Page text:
Beautiful, eh? Admittedly, it isn't the untamed, rocky, snowy beauty of some of the aforementioned mountain chains, but they are still gorgeous. If you look at the ground immediately in front of them, you can see neatly arranged clumps of some sort of crop. The said crop is tea. Munnar is full of tea plantations, and a large part of the mountainside is occupied with these crops. Normally I would not approve of farming and industry spoiling natural beauty, but as you can see, this doesn't spoil it at all. Munnar is gorgeous.
In Munnar, we toured a tea factory and saw a video on the history of the region. This is a place where somehow the humans and the mountains have interacted very well, and the mountain ecosystems have remained safe and beautiful. There are parts of India that are very polluted (most populated areas), but it also should be noted that the government has set aside a ridiculous amount of land for preservation. Then we explored a pleasant town in the hills and we found BEEF. Turns out the cow-slaying taboos don't apply to bulls. This is certainly still frowned upon in a lot of places, but clearly it was ok here. I cannot express to you how thrilling this was. Then we visited a dam and a beautiful, crystal clear mountain lake. We walked around there for a while, visited a roadside market, and took a boat ride. I cannot express to you how nice Munnar felt to me. It was just so cool, so fertile, so beautiful, so natural. This was one of my favorite sites on the trip.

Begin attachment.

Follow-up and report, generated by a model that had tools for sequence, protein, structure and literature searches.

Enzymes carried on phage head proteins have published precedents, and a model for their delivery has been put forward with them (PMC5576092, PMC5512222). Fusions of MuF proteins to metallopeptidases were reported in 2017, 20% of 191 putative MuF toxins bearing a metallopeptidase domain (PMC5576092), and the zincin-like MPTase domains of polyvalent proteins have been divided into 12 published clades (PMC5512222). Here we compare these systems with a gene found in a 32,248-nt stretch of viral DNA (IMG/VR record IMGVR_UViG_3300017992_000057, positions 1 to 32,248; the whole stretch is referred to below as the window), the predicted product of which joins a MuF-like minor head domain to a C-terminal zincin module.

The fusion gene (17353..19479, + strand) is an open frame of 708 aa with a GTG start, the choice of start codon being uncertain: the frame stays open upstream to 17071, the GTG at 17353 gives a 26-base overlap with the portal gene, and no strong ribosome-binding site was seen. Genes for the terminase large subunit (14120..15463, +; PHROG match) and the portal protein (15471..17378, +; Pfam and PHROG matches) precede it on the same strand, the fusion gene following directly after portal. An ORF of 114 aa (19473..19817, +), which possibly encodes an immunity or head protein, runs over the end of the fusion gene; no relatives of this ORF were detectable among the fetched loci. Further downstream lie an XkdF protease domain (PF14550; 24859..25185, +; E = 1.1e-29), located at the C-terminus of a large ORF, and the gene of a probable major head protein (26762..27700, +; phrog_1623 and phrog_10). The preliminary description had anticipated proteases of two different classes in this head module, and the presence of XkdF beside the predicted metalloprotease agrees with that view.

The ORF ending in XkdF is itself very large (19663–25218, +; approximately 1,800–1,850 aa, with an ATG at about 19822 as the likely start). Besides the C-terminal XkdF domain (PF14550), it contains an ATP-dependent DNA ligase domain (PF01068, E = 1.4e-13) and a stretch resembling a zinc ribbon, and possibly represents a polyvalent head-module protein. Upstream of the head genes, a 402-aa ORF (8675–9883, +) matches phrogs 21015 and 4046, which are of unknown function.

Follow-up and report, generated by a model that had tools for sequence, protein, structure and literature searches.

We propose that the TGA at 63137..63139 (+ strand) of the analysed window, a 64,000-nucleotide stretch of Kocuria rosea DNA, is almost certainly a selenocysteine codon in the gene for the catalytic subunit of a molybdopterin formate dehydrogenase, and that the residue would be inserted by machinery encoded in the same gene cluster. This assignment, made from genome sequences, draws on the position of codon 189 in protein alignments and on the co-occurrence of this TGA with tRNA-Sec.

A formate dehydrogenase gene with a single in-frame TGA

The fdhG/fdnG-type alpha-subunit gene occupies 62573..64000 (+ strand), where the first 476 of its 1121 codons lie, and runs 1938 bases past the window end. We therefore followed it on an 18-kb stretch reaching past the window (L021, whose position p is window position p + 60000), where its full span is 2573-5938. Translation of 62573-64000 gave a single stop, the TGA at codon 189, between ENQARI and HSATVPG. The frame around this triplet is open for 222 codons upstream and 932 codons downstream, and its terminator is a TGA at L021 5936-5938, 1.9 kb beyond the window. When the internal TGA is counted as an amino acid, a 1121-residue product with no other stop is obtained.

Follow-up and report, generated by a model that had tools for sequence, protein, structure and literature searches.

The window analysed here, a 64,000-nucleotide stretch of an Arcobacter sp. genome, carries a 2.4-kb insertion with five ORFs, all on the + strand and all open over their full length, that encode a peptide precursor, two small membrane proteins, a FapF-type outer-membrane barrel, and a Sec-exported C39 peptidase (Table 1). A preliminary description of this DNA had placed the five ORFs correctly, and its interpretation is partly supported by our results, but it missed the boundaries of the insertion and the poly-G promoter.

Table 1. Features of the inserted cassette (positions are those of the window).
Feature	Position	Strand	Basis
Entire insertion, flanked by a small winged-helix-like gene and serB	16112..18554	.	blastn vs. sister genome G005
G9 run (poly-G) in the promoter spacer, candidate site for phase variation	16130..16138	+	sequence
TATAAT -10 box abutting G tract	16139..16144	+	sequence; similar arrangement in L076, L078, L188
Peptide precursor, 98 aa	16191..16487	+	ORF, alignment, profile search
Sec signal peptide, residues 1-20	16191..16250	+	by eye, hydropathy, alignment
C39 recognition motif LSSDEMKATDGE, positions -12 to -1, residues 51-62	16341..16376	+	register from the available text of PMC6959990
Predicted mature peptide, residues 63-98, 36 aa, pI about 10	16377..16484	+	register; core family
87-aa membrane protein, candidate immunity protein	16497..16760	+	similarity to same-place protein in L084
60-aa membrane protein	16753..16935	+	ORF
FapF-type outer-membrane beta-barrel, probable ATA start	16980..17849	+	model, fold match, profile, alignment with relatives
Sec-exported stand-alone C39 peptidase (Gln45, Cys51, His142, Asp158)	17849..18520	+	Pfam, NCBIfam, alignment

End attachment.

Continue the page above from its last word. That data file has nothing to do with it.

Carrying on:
I think I'll stop there for today, but like I said, I'm going to try and plow through this trip pretty fast in the next week or so. I'll probably make a lot of posts, and then make it like two parts trip, one part something else. Just bear with me.
Look how much fun we're having and how proud we are that one of us is from Brazil.